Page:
Melissa Hillman has written a new essay, The Lies We Tell About Audience Engagement, that is both inspiring and infuriating.
One of the smartest theater writers on the Internet, Hillman is the artistic director of Impact Theatre in Berkeley, and normally blogs as Bitter Gertrude, but this essay is part of Theatre Communications Group’s “Audience (R)Evolution” series.
Hillman first points out that “audience engagement” has no clear definition, meaning different things to different people. This won me over right away, since so much theater jargon is ambiguous. Indeed, at TEDxBroadway, Leslie Koch of Governors Island suggested eliminating the phrase “audience engagement” from our vocabulary. “Everyone talks about engagement but only consultants use the word ‘engagement.’ Real humans/audiences don’t use it, unless they have a ring on their finger, so you shouldn’t either.”
In her new essay, Hillman then goes on: “The only thing on which we all seem to agree is that it’s tied so strongly to attracting young, diverse audiences that it’s essentially now code for that.” But, she adds, when people talk about the inability to attract such audiences, they are leaving out an important fact: Such audiences are attending the “vibrant, thriving indie scene” that exists “in most American urban centers” — theaters that are too small and too poor to be included in the statistics.
The solution for any theater in getting more diverse audiences, she writes, is basic: “Tell the stories that audience wants to hear, all the time, charge realistic prices, and create a welcoming environment—one that truly values them rather than fetishizes them but otherwise treats them as unimportant.”
So far, so good.
Then there is this passage, which prompted me at the beginning to nod and at the finish to shake my head:
“The indie scene is dominated by women directors, and is much younger and more diverse than big budget theatre. As soon as theatre gets to a certain budget level, the women and people of color both backstage and onstage become much more scarce, and the audiences—and the programming– get whiter and older.”
She mentions “older” four more times:
“…older, well-heeled donors..”
“…the older, whiter community upon which [big-budget theaters are] inextricably financially dependent…”
and twice, “that older, white demographic.”
Here it is, yet another example of what I’ve called stAgeism: Anti-Elderly Attitudes In The Theater. Why must advocates for “diversity” (another word that has different meaning for different people) present older audiences as the enemy? As I’ve tried to point out on numerous occasions:
1. “Older” doesn’t necessarily mean “whiter” — every ethnic and racial group has its own elderly. It also doesn’t necessarily mean “well-heeled,” nor does it exclude women. (Why is the gender parity of audiences not celebrated?)
2. Individual older theatergoers do not necessarily resist the kind of work that Melissa Hillman and others say attract a “younger, more diverse” audience. Ask people like Nella Vera, the director of marketing and communications for Theater for a New Audience (whose new home is the Polonsky Shakespeare Center in Brooklyn), and she will tell you that older audience members tend to be more open to new work.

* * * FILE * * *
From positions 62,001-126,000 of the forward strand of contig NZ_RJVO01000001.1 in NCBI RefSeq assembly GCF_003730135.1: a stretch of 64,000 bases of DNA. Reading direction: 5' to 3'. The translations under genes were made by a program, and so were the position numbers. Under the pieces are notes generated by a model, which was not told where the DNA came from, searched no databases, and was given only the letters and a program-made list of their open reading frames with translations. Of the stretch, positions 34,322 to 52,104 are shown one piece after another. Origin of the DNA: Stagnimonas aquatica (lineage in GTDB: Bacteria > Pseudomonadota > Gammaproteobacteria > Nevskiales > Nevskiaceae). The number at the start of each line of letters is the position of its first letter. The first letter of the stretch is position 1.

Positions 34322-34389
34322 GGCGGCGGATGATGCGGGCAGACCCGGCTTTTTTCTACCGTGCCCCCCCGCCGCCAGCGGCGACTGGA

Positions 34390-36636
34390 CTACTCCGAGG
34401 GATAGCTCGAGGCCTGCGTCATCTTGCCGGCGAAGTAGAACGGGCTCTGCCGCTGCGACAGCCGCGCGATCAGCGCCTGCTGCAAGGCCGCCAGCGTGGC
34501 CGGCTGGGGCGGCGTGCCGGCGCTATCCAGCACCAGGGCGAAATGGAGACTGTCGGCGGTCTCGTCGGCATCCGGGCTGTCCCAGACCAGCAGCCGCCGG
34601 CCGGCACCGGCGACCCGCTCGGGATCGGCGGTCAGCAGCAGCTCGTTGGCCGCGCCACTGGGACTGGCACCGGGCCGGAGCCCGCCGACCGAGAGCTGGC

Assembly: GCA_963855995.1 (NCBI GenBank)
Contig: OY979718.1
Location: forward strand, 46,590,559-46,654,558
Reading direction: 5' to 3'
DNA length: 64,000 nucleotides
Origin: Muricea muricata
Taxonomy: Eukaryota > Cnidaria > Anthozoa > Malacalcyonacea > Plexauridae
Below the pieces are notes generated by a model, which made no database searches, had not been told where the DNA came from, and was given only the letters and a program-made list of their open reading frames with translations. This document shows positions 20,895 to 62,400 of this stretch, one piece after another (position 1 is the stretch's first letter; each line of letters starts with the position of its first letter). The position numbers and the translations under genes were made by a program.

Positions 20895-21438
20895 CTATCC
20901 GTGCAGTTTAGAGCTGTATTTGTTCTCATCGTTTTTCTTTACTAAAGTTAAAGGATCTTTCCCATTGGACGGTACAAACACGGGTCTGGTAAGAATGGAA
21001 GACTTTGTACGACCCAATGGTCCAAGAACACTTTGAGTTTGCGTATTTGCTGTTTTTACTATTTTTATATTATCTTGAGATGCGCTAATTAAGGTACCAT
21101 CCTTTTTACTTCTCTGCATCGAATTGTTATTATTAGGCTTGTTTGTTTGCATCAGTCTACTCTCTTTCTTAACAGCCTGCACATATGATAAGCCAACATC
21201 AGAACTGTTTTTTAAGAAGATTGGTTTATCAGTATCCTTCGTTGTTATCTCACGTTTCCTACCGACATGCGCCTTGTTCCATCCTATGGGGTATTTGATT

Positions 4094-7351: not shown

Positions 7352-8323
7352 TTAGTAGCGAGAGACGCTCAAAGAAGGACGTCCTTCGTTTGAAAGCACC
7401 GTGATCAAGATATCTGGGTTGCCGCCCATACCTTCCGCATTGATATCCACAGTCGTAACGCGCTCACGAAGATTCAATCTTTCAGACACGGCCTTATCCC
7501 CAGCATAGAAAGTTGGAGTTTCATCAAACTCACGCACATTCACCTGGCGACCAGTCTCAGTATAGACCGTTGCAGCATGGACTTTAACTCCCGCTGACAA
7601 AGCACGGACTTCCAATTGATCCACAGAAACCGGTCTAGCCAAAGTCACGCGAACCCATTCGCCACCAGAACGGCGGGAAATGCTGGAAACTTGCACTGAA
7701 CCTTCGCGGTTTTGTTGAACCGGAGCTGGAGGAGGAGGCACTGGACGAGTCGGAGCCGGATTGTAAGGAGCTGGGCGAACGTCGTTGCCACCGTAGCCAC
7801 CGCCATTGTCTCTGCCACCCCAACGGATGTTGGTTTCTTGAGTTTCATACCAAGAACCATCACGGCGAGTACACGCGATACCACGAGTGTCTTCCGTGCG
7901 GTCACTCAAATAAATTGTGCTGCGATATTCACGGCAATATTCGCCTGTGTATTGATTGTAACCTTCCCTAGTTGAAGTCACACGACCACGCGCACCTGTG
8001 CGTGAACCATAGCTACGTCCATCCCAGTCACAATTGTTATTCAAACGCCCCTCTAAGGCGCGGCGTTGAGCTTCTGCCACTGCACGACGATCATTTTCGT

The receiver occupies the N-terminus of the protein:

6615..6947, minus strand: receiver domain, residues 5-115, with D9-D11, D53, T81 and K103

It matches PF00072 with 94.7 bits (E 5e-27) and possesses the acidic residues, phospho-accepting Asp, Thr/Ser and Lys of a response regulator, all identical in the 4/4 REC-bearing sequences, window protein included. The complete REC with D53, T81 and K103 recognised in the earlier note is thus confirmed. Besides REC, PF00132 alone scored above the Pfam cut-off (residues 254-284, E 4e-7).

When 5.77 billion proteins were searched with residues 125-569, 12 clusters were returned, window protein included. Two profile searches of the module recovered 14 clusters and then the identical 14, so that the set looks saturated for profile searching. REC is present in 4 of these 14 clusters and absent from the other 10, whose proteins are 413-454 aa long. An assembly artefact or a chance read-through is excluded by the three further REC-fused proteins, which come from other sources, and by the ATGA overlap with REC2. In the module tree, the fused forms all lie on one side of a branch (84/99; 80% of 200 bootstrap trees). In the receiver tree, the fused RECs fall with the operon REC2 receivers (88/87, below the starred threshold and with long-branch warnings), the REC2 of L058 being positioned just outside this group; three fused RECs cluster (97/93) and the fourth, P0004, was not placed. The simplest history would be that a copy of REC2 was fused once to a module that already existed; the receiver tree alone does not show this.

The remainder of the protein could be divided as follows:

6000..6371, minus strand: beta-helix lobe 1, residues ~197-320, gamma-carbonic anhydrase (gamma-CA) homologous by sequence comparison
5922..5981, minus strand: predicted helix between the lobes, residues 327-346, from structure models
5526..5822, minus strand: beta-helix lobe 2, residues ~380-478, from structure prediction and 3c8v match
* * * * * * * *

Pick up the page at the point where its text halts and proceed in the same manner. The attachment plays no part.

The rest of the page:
As I wrote to Seth Rozin of Interact Theatre Company of Philadelphia, who in an otherwise similarly praiseworthy article, included what I considered a similarly dismissive passage towards older people, saying they eschew “riskier” work:
Let’s be specific. What I know is NYC theater. When I attend shows by the Living Theater; at BAM; by the Civilians; at The Flea; at St. Ann’s Warehouse (all theaters/theater companies that do new work often at the cutting edge) or at theaters like Repertorial Espanol or Abrons Arts Center (theaters that do work about different cultures often in languages other than English) I observe an audience made up of a mix of ages. It’s true that I’ve noticed the audiences seem to skew younger at The Brick, Bushwick Starr, and the Kraine, but is that because the art in these places is “riskier” or because they are newer and the accommodations less convenient and/or more physically uncomfortable?
As playwright Keith Josef Adkins, the artistic director of New Black Fest, has written: “I have heard dismissive and insensitive blanket remarks about the 60 and over crowd. In my observation, there is a fear and a frustration that a large portion of that demographic is not interested in younger, African-American, LGBT, Latino, women and/or Asian theater practitioners. Substantiated or not… it is how many feel and what they believe about the power of the elderly in American theater. So, yes, perhaps a genuine conversation about the future of theater and the upside and downside of the 60-and-over demographic is paramount.”
When do we begin this conversation? How about now, Melissa Hillman, before you yourself become older, and feel the sting of this casual ageism.